Peering through the hole also reveals the reclamation underway on the Wan Chai harbourfront, a reminder of how far — quite literally — the neighbourhood has come. The original Wan Chai coastline ran along Queen’s Road East, but much of what we know of Wan Chai today, including Southern Playground, the government offices on Gloucester Road and Hong Kong Art Centre, were built on land reclaimed between the 1920s and 70s.

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Tin Hau is coming for a Piece of Water (2018) by Jaffa Lam – Courtesy HKAC

“I always say, we are now walking on water,” jokes Lam. “Wan Chai is a very good metaphor for various changes in Hong Kong. This exhibition is about past, but it also looks to the future. Hong Kong will keep on changing, be it for better or worse.”

Jaffa Lam’s subtle yet powerful work, “Tin Hau is coming for a piece of water,” epitomises the fluidity of the land. In the 19th century, fishermen would pay respects to Tin Hau, the goddess of the sea, in hope of good fortune on the water. In her work, Lam recreates a Tin Hau temple but in a distinctly contemporary fashion. Inside the temple is a large rock suspended in mid-air, symbolising the goddess. As one pays tribute to the deity, one couldn’t help but wonder what exactly Lam hopes us to wish for. Is it simply for the safe return of those out at sea? Or that there is still a harbour for Tin Hau to guard in the future?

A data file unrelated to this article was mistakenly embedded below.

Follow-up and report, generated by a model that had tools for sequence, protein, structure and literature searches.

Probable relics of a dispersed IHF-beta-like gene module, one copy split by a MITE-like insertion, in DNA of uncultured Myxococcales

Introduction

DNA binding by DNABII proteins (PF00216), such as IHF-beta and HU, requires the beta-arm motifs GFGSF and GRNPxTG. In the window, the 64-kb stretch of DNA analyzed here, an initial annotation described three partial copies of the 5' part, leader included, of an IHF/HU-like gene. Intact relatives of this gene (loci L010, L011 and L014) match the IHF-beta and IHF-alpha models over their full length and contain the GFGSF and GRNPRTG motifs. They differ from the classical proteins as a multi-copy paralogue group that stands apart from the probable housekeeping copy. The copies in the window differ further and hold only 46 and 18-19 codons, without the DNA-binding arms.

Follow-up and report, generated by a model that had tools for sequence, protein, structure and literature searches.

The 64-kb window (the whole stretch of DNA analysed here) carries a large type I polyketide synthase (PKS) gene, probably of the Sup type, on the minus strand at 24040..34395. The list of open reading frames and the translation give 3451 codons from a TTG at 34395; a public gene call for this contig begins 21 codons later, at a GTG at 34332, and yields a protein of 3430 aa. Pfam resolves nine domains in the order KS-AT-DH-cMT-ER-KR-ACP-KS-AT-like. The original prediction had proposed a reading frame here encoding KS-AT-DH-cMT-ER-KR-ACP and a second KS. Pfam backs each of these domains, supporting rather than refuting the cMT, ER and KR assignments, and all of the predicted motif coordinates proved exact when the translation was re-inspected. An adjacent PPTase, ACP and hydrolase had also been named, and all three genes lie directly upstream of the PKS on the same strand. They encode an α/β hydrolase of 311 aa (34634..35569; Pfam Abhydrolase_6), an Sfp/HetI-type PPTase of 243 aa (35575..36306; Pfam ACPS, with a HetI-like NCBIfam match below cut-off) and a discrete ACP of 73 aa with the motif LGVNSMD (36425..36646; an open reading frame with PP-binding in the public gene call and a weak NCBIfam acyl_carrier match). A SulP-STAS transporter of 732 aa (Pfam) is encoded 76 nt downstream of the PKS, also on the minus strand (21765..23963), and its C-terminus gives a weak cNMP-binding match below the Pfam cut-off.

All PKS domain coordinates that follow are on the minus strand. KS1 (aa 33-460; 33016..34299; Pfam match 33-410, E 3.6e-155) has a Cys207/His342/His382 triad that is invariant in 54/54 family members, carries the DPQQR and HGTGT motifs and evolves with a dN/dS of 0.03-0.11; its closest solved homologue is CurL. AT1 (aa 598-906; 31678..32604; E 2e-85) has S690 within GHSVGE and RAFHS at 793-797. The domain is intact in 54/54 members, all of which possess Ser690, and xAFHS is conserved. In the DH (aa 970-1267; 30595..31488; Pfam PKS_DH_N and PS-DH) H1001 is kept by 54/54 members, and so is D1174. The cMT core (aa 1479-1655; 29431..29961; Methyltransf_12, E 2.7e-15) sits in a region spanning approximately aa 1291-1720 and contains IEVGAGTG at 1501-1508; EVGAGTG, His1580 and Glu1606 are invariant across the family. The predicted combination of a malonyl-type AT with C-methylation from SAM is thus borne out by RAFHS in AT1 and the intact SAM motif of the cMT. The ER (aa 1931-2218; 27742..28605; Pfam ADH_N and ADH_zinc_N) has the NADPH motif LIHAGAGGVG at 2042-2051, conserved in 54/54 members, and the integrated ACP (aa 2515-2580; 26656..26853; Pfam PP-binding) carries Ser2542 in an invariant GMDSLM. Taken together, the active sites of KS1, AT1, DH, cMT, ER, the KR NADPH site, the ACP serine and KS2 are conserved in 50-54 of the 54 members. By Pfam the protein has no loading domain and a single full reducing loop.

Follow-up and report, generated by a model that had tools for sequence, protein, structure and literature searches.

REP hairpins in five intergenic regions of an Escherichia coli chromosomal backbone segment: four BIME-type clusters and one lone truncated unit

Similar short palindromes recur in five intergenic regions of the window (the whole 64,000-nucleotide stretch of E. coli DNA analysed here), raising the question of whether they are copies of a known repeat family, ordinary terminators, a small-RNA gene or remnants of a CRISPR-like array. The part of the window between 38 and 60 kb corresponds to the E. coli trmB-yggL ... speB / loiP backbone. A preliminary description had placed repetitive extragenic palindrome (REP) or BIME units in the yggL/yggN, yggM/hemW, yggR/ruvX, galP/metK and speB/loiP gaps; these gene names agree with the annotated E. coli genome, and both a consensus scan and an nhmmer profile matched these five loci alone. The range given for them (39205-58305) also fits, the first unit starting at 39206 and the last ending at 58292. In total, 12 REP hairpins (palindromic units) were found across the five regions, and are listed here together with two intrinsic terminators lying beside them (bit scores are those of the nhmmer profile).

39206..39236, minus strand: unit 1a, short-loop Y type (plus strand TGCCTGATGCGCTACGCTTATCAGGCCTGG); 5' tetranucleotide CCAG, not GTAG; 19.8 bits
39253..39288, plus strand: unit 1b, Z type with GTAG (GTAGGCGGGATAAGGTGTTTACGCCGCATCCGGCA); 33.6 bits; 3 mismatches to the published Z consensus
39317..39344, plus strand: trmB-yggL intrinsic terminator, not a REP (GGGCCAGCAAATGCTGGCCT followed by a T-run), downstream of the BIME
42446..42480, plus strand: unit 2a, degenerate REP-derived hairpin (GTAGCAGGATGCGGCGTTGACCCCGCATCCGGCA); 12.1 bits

Amid the many paintings and photography that nod to Wan Chai’s streetscapes, it’s Yeung Tong-lung’s “Have a Rest” that is the most touching. Part of an ongoing series that began in 2008, the paintings are the product of the artist’s observations from a window in his apartment. One depicts an old man lying face-up on a bench, while another shows a middle-aged lady seeking shade. While each of these paintings could stand on their own, they also form part of a prodigious collage that spans the three floors of the gallery. Fragmented yet appearing to seamlessly blend into one another, it’s a tribute to what Wan Chai has always been: disorganised, sometimes chaotic, but also a place that relishes its fluidity.

Wan Chai Grammatica runs until November 4, 2018 at the Hong Kong Arts Centre. Click here for more information.